“See to it that no one takes you captive through philosophy and empty deceit, according to human tradition, according to elemental spirits of the universe, and not according to Christ. For in him the whole fullness of deity dwells bodily, and you have come to fullness in him, who is the head of every ruler and authority. In him also you were circumcised with a spiritual circumcision, by putting off the body of the flesh in the circumcision of Christ; when you were buried with him in baptism, you were also raised with him through faith in the power of God, who raised him from the dead. And when you were dead in trespasses and the uncircumcision of your flesh, God made you alive together with him, when he forgave us all our trespasses, erasing the record that stood against us with its legal demands. He set this aside, nailing it to the cross. He disarmed the rulers and authorities and made a public example of them, triumphing over them in it.”
~Colossians 2.8-15, New Revised Standard Version
The raceless life requires our active participation and is a part of working out our salvation (Philippians 2.12). When presented with occasions to practice racism and prejudice, we must act ethically to bring about our soul’s safety. Christ will not do it for us but we must do the work, ensuring that no one takes us captive to the philosophies of race, a human tradition not created according to Christ. Simply saying the word raceless will not erase our racial conditioning but we must crucify this concept of a racialized flesh and we must die to the racialized self daily (I Corinthians 15.31). It is not enough to confess that we believe no longer in race. Instead, we must no longer use race as an excuse for our poor Christian performance.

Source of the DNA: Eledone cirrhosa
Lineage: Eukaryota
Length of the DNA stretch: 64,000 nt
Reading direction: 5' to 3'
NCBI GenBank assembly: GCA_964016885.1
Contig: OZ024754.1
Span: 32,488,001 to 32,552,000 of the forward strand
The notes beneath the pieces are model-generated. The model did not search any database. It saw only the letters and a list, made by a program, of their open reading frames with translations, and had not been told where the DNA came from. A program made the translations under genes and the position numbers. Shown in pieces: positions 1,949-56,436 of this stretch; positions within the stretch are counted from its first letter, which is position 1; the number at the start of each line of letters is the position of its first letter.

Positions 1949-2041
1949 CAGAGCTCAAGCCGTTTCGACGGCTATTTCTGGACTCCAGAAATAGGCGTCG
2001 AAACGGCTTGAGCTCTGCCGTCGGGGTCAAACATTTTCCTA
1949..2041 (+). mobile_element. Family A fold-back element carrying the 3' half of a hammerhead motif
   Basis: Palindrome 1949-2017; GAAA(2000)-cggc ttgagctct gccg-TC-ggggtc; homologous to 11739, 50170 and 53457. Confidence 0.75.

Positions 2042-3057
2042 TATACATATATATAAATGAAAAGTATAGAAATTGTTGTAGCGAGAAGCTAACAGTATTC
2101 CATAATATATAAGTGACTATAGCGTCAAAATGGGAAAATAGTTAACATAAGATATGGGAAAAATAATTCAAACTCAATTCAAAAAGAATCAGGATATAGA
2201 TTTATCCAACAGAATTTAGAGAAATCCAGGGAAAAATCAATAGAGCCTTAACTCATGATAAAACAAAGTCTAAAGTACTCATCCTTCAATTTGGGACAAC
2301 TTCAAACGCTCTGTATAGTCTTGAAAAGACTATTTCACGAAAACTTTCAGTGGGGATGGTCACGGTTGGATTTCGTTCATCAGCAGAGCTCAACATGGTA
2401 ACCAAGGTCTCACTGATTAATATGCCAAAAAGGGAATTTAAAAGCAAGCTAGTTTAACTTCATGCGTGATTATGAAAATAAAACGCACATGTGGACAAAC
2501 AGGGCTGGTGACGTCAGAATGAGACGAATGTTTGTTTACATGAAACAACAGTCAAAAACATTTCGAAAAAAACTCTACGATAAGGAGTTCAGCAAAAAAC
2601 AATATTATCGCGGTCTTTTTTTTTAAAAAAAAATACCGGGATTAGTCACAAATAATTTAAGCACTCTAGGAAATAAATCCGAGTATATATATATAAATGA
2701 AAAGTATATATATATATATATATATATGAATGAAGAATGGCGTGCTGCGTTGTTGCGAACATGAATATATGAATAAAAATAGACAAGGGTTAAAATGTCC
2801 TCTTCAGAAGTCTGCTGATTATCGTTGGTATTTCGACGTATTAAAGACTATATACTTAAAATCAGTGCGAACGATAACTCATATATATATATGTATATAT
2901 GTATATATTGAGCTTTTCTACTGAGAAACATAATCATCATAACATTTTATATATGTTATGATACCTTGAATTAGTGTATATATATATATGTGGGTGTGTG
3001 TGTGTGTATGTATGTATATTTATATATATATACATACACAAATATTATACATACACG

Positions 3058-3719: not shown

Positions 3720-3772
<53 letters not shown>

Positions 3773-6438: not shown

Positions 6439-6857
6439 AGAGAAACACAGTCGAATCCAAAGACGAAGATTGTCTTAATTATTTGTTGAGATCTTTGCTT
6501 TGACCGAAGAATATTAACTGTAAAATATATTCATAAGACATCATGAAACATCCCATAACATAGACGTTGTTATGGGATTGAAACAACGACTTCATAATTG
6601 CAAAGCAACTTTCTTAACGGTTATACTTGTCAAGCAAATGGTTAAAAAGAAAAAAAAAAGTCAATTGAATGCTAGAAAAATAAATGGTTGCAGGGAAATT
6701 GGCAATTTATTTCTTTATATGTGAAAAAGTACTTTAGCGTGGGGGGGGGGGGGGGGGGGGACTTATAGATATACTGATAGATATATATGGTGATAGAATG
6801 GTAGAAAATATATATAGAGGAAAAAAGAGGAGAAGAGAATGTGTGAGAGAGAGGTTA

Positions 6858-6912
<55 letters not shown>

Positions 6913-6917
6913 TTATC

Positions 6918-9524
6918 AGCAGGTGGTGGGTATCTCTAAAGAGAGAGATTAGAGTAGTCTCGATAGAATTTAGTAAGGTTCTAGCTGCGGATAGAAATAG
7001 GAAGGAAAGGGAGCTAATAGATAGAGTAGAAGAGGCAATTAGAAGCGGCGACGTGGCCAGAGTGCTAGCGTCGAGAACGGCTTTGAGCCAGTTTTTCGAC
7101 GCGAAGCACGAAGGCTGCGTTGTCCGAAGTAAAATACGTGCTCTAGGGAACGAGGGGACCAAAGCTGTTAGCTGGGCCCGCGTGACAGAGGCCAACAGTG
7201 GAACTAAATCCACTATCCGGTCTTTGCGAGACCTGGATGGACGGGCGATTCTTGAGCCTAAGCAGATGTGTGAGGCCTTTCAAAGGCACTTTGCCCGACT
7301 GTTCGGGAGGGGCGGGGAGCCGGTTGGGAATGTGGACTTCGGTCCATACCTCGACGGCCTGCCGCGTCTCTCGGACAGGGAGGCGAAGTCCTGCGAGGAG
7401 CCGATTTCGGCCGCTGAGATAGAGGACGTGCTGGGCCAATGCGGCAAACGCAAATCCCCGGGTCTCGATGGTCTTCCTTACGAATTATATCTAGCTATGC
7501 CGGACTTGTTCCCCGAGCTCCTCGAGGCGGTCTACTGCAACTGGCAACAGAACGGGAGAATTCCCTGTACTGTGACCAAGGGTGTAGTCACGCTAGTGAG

This confession of a raceless life also does not render us color blind. We will not grope about for new ways in which to see humanity for Christ has already given this lens to us: “As many of you were baptized into Christ have clothed yourselves with Christ. There is no longer Jew or Greek, there is no longer slave or free, there is no longer male and female; for all of you are one in Christ Jesus” (Galatians 3.27-28; see also Colossians 3.11). But, we must choose to see ourselves and others as Christ sees us– as members of one body. This body, His body, is one that we have no control over. We do not get to choose the sheep of His fold. Instead, we will be joined together in Christ, the Son of the One who “calls into existence the things that do not exist” (Romans 4.17).
So bound by the social coloring of our skin, we, American Christians, often behave as if we are without options when confronted with race. We act as if race is the one thing that we cannot conquer through Christ (Philippians 4.13), that cannot be buried with Christ, that was not washed away by His blood. It is the one thing that can still be held against us and many of us believe that even God holds our socially constructed racial identity against us. But, this is not true. Christ has nailed race to the cross and it has died with Him. But, we roll the stone away; we resurrect race… because we believe it to be our savior.
The acceptance of a racialized body, the body of the flesh is the denial of spiritual circumcision, the circumcision of Christ. We can not live and allow our lives to be judged according to the flesh. This has been removed through Christ. We cannot be alive both to the flesh and to Christ. If we accept the testimony of Christ as a believer then, we cannot be judged by race or its record against us. This is proof of the possibility of a raceless life and it is already written. We just have to live it.